A subtle source of power: The effect of having an expectation on anticipated interpersonal power

Austin Baldwin, Marc Kiviniemi, Mark Snyder

Research output: Contribution to journalArticlepeer-review

6 Scopus citations

Abstract

In 2 studies, the authors tested the hypothesis that having information about another person can be a source of power in interpersonal interactions. In Study 1, the authors randomized participants to receive an expectation about an interaction partner, and the expectation provided an informational advantage for some participants but not for others. Participants with an advantage reported higher perceptions of power than did those who had information that did not confer an advantage; however, the effect was isolated to feelings of informational power. In Study 2, the authors examined whether the effect extended to different types of power when the information did not provide an explicit advantage. In this case, participants who received a more ambiguous expectation reported more diffuse feelings of power. The authors discuss implications for understanding the dynamics of power in social interactions.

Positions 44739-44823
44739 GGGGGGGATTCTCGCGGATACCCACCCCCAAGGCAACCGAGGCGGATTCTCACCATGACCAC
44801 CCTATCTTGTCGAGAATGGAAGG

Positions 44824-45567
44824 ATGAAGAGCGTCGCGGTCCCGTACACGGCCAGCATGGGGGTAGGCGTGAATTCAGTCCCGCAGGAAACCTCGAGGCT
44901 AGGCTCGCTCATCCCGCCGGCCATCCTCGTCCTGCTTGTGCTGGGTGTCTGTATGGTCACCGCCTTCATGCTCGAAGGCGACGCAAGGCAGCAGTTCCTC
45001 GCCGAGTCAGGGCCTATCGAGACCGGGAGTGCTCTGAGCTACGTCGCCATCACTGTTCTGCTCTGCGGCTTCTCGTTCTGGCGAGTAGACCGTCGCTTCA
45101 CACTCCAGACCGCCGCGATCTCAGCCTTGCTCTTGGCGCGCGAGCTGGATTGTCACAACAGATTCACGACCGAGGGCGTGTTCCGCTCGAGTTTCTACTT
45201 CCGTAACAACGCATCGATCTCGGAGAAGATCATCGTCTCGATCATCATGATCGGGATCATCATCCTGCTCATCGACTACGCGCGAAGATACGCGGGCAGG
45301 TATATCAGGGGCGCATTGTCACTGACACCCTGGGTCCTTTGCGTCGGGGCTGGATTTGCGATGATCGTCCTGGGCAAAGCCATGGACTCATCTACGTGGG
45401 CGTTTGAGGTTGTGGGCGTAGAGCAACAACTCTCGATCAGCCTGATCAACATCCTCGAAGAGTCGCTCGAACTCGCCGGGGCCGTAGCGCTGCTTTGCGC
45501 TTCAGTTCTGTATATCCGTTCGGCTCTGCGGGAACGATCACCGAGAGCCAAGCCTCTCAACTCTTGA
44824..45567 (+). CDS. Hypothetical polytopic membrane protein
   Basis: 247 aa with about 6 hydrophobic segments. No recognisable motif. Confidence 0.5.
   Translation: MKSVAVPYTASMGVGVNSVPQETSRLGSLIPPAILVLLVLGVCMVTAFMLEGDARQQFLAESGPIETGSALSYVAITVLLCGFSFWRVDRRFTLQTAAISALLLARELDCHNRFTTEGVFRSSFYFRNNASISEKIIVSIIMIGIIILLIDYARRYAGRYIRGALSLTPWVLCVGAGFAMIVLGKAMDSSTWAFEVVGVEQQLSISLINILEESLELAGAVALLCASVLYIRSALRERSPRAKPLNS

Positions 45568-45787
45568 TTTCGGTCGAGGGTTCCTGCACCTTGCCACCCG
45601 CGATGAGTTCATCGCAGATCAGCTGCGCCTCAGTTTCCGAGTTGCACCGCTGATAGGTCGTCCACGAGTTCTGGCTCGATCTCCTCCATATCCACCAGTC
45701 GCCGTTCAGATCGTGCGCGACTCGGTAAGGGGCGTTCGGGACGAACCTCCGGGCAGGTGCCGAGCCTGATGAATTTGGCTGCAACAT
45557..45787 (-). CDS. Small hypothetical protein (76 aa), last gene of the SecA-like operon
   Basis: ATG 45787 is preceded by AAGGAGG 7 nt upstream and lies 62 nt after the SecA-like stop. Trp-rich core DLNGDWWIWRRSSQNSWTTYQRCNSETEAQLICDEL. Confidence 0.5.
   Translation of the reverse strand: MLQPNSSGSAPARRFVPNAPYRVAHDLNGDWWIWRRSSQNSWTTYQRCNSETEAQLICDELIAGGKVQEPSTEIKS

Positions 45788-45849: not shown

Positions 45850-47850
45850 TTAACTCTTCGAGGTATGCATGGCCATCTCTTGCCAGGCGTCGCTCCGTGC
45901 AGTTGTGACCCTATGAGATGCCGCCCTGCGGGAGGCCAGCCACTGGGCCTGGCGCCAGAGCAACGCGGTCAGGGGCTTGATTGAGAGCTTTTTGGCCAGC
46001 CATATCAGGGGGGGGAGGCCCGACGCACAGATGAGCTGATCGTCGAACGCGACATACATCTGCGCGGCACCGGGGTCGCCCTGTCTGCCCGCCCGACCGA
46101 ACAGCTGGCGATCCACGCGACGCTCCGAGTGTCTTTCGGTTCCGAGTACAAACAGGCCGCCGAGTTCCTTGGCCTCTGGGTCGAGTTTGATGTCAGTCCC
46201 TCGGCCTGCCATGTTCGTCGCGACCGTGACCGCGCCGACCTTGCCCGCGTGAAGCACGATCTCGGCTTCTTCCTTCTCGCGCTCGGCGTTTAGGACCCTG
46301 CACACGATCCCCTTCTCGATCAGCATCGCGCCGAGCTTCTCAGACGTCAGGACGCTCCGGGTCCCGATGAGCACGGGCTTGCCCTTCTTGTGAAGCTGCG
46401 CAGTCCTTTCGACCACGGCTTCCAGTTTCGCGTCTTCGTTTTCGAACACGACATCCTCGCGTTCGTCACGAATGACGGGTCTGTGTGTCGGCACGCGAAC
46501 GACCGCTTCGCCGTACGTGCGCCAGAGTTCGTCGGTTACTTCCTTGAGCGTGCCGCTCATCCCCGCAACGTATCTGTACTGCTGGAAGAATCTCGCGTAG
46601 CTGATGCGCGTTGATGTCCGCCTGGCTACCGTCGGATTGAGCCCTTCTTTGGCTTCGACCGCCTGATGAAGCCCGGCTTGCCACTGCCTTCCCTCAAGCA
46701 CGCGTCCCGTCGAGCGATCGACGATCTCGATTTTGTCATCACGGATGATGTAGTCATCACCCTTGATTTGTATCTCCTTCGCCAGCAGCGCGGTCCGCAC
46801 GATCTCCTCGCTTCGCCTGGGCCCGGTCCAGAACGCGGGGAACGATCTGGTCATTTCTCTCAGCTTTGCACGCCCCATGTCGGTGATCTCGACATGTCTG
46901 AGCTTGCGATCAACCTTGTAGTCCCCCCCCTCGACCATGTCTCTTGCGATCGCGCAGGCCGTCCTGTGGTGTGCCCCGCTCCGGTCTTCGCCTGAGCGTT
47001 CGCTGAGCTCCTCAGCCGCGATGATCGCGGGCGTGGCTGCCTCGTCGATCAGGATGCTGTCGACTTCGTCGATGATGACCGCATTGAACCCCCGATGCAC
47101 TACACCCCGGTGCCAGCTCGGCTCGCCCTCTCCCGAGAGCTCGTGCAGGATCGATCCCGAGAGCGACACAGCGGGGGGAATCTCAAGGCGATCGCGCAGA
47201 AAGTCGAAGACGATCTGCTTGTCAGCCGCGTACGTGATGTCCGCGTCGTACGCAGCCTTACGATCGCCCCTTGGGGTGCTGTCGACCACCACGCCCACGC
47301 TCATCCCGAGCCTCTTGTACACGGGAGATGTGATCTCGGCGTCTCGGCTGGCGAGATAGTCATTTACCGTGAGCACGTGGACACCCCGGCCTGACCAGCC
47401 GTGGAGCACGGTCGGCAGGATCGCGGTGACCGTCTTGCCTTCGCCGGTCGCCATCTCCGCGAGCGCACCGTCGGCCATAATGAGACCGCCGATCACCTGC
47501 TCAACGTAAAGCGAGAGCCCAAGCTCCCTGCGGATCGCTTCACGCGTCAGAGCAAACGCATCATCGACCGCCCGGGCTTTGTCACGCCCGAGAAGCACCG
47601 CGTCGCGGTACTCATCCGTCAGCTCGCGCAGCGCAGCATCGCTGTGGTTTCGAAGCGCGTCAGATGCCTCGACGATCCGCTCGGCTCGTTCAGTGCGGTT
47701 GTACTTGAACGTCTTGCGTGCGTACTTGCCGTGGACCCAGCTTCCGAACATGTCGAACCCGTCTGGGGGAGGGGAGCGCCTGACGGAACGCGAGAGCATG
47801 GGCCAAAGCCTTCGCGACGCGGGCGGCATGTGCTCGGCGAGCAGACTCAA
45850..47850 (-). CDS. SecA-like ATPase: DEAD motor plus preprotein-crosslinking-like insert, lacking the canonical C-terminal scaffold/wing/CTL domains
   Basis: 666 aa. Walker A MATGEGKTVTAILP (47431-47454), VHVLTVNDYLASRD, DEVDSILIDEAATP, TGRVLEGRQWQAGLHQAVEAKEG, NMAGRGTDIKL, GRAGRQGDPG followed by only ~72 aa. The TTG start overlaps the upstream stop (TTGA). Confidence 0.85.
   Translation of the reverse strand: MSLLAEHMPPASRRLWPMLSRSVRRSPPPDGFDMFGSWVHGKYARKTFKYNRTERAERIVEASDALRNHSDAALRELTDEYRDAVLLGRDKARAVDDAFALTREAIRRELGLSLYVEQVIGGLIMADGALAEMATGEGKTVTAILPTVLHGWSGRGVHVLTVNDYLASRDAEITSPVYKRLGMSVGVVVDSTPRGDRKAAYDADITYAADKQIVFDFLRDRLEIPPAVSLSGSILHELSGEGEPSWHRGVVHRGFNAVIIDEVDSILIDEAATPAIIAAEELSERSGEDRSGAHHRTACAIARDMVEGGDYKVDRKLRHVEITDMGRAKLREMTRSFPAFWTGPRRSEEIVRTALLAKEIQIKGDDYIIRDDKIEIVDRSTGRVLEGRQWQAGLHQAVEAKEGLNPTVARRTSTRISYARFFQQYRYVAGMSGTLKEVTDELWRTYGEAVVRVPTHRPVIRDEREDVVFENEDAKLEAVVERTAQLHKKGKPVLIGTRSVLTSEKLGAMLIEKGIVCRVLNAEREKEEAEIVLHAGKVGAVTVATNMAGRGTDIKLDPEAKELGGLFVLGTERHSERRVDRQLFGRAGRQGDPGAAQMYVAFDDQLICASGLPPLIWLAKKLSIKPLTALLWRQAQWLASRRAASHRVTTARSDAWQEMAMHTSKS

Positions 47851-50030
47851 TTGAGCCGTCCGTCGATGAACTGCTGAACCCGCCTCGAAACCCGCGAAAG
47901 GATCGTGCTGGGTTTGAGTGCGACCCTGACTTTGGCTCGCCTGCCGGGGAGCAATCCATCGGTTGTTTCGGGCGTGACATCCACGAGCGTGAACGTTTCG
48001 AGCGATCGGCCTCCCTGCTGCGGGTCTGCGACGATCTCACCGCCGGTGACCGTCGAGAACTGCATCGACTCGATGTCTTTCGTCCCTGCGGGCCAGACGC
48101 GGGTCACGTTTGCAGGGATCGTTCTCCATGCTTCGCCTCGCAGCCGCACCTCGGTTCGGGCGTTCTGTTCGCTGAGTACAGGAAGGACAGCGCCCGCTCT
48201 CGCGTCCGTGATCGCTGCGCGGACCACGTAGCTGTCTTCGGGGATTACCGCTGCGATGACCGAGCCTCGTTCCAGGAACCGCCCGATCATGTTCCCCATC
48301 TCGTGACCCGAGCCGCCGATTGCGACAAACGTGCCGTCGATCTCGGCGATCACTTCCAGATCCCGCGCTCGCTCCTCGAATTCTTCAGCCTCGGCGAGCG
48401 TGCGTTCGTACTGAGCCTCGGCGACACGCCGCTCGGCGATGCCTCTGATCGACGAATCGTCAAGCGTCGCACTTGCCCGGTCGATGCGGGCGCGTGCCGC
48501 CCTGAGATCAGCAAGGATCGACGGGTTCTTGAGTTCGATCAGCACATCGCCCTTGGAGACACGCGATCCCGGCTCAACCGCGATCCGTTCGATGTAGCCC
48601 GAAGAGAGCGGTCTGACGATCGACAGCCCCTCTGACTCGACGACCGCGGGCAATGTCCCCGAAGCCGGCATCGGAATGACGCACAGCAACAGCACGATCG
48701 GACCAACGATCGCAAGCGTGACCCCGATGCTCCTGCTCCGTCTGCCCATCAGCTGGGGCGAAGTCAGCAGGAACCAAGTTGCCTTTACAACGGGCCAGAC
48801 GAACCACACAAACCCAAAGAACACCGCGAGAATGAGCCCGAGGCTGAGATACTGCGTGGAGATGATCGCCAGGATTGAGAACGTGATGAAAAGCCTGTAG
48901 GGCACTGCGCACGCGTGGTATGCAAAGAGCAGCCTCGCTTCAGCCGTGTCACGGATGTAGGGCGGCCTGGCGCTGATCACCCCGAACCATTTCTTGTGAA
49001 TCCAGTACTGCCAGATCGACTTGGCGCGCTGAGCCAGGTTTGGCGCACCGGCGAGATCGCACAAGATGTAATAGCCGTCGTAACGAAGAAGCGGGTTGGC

Original languageEnglish (US)
Pages (from-to)82-104
Number of pages23
JournalJournal of Social Psychology
Volume149
Issue number1
DOIs
StatePublished - Feb 1 2009

Keywords

  • Expectations
  • Power
  • Social information
  • Social interactions

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